Nobody wants to be at the Battle Hospital. The giant tented camp close to the Iraqi border is run by Britain's Territorial Army, and was sent out in advance of the allied invasion of 2003 to provide crucial trauma care to coalition soldiers. But more often, the staff are treating injured Iraqi civilians and children on fly-ridden operating tables. The hospital's 650 staff (most of whom have been pulled from their civilian practices) try to escape their surroundings through brass bands and discos, but the reality of their task is inescapable. And soon the frustrated Iraqi fathers and children in Ward 2 are threatening to go on hunger strike in a bid to persuade the army to take them home.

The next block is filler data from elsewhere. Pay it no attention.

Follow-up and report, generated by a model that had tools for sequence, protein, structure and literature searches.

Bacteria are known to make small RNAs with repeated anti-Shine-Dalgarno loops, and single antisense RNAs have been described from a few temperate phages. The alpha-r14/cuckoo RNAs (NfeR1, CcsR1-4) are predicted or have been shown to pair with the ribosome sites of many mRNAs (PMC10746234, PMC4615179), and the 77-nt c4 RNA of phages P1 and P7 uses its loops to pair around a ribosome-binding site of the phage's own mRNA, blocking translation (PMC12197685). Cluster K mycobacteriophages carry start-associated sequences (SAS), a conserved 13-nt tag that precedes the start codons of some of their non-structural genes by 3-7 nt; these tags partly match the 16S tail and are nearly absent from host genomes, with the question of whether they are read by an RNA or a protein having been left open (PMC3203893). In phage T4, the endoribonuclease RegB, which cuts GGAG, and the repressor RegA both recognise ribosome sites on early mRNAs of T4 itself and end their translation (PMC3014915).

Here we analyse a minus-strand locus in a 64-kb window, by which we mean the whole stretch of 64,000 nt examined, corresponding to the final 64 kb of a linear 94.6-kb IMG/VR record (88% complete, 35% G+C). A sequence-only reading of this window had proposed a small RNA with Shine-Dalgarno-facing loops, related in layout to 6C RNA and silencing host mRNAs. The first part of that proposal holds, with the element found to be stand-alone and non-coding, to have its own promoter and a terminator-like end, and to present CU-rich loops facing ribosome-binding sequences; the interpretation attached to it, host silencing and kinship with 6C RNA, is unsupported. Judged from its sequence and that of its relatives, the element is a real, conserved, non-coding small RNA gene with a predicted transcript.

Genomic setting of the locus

Filmed over two months during an embed at 202 Field Hospital, this film provides a sobering glimpse of the reality of modern day field hospitals. In stunning cinematography (shot entirely on DV), it contrasts the graphic horrors of the operating theatre with the dream-like state invoked by living in a desert limbo.
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''Documentaries about war tend to show the sheer hell of it, or they are propaganda. And if they are about battlefield healthcare, they are M*A*S*H*. Olly Lambert's gem of a film is all three of these, yet quite different and utterly surprising... Beautifully filmed in the colours of the desert camouflage, it combines a mirage-like quality with an
unhurried pace..." - London Evening Standard
"An extraordinary documentary, a powerful and necessarily graphic portrayal of life in wartime" -The Guardian